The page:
Our editor-in-chief Nate Yapp is proud to have contributed to the new book Hidden Horror: A Celebration of 101 Underrated and Overlooked Fright Flicks, edited by Aaron Christensen. Another contributors include Anthony Timpone, B.J. Colangelo, Dave Alexander, Classic-Horror.com's own Robert C. Ring and John W. Bowen. Pick up a copy today from Amazon.com!

Posts by Nate Yapp

Review: Cat People (1942)

Cat People 1942 poster

In 1942, RKO needed to recoup its losses from the financial headaches surrounding Orson Welles' Citizen Kane. They contracted Val Lewton, a Jack-of-all-Trades in Hollywood, to produce a series of B-horror movies with predetermined, audience-tested titles. The plan may have been cheap quickies, but the result was far different: nine complex, modern, and shocking films. Jacques Tourneur's Cat People is the first in this series, and set the standard of quality to which the rest adhered.(read more...)

Review: Captain Kronos: Vampire Hunter (1974)

Captain Kronos Vampire Hunter poster

Captain Kronos can kill three men at once. Captain Kronos can take a vampire bite without turning into one of the undead himself. Captain Kronos is down with G-O-D. Captain Kronos can smoke pot and not get the munchies. Captain Kronos will take your sister out on a Friday night, treat her to a movie, dinner, and fantastic sex, and still have her home before curfew. Captain Kronos makes delicious honey-glazed ham and always shares with the orphans of Dusseldorf. Captain Kronos invented Google. Captain Kronos is better than you.(read more...)

Review: Kolchak: The Night Stalker - The Complete Series (1974)

Kolchak: The Night Stalker

In 1972, "Dark Shadows" creator Dan Curtis collaborated with famed horror writer Richard Matheson to bring an unpublished story by Jeffrey Grant Rice to the small screen as the television movie The Night Stalker. The film, about rumpled news reporter Carl Kolchak (Darren McGavin) and his investigation of a Vegas vampire, aired to outstanding ratings and strong critical response. Based on that success and that of the 1973 follow-up The Night Strangler, Universal commissioned a weekly television series that ran for 20 episodes in the 1974-75 season. Most of the cast from the movies returned for "Kolchak: The Night Stalker," and Rice took a creator's credit, but Curtis and Matheson declined involvement.(read more...)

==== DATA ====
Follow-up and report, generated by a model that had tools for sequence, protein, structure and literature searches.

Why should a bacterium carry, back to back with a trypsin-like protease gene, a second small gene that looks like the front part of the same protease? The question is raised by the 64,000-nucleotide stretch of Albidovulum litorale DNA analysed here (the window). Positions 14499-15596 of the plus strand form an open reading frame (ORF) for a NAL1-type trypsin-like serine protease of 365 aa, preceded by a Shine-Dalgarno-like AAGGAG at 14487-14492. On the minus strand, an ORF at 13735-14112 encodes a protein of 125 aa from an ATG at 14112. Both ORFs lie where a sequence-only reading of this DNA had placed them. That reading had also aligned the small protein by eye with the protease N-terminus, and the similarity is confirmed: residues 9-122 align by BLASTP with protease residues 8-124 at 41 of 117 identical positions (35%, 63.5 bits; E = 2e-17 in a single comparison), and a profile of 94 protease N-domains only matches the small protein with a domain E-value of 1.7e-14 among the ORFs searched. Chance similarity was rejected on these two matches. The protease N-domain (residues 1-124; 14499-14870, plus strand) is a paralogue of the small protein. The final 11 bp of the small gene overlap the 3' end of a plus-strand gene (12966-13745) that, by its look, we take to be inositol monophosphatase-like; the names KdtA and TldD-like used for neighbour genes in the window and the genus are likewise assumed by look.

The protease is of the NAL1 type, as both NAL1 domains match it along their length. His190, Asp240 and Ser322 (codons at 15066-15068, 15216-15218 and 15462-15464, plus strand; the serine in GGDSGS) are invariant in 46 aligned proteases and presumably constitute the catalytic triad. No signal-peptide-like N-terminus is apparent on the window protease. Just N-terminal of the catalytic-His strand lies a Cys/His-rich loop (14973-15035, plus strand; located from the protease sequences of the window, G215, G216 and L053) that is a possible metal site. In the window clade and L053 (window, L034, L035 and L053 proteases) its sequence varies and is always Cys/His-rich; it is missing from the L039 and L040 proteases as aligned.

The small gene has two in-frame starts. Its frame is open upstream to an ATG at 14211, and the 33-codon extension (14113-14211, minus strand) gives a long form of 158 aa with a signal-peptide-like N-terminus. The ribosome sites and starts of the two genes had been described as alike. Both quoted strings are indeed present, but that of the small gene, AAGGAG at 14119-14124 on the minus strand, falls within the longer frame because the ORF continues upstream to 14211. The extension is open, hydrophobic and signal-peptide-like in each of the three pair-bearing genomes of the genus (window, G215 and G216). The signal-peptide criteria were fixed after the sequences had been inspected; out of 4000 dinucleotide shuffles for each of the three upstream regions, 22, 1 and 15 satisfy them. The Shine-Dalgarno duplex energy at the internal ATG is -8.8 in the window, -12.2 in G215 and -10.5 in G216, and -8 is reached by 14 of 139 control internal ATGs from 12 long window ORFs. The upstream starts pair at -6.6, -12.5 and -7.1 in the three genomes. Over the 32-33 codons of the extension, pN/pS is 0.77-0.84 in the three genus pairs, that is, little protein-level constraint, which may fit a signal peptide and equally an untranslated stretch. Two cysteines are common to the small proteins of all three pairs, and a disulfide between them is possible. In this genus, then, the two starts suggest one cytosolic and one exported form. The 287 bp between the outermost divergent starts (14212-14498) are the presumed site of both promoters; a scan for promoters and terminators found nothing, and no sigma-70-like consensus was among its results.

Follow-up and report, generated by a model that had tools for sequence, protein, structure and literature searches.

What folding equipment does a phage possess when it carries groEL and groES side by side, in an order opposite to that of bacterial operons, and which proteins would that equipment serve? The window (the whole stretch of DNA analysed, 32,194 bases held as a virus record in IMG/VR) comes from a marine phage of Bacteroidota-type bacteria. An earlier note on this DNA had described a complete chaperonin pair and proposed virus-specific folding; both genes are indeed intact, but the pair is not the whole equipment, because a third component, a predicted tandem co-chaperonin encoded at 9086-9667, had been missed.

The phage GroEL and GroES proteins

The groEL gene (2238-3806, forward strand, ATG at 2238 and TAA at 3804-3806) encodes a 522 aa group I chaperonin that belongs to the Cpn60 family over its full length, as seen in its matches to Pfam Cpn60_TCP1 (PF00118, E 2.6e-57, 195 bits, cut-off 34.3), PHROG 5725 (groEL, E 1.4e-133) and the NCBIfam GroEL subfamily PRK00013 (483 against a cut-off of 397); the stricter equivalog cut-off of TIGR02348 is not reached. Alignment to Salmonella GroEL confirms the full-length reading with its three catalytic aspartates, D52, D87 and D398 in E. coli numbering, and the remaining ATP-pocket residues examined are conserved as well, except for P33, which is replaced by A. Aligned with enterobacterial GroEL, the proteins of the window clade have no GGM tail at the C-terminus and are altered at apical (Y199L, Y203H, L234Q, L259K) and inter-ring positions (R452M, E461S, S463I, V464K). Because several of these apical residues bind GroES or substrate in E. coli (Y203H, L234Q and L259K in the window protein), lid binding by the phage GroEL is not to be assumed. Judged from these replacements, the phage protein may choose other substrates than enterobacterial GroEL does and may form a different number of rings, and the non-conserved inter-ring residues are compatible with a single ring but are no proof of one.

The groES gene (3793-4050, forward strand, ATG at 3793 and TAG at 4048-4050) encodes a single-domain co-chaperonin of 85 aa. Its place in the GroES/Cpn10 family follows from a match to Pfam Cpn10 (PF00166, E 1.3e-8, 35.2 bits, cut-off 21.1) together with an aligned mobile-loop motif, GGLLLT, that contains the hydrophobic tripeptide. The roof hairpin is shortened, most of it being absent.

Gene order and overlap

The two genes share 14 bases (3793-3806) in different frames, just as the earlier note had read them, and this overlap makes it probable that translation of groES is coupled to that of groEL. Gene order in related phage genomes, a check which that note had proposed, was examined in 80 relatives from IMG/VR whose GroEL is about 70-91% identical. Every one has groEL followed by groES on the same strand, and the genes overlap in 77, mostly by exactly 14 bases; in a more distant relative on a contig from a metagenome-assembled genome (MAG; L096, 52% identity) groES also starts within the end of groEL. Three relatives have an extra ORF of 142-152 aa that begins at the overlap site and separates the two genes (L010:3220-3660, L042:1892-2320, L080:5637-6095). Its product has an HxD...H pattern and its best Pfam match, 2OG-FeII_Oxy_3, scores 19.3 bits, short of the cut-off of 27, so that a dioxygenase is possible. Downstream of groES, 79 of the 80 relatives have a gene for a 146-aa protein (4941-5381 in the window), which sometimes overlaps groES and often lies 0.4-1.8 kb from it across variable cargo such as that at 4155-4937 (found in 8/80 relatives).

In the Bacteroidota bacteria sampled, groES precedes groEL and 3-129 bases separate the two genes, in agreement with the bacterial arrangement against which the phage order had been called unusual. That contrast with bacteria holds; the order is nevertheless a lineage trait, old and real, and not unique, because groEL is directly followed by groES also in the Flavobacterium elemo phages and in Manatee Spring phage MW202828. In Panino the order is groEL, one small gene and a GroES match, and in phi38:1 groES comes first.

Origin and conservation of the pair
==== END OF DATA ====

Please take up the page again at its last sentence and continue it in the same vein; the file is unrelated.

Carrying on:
Review: Spider Baby (1968)

Spider Baby poster

From the moment Lon Chaney Jr's craggy voice begins crooning about the maddest story ever told over the opening credits, it's apparent that Spider Baby is going to be something different from your average homicidal-family romp. Filmed in 1964, but stuck in cinematic limbo for four years, director Jack Hill's debut swirls with a peculiarly innocent sense of horror.(read more...)

Review: Cry_Wolf (2005)

Cry_Wolf poster

In Cry_Wolf, director Jeff Wadlow probes what happens when a lie is taken too far. Unfortunately, in doing so, he crosses the fiction with the film itself, negating the irony required in tackling such a subject. As a result, Cry_Wolf implodes well before it hits the disappointing denouement.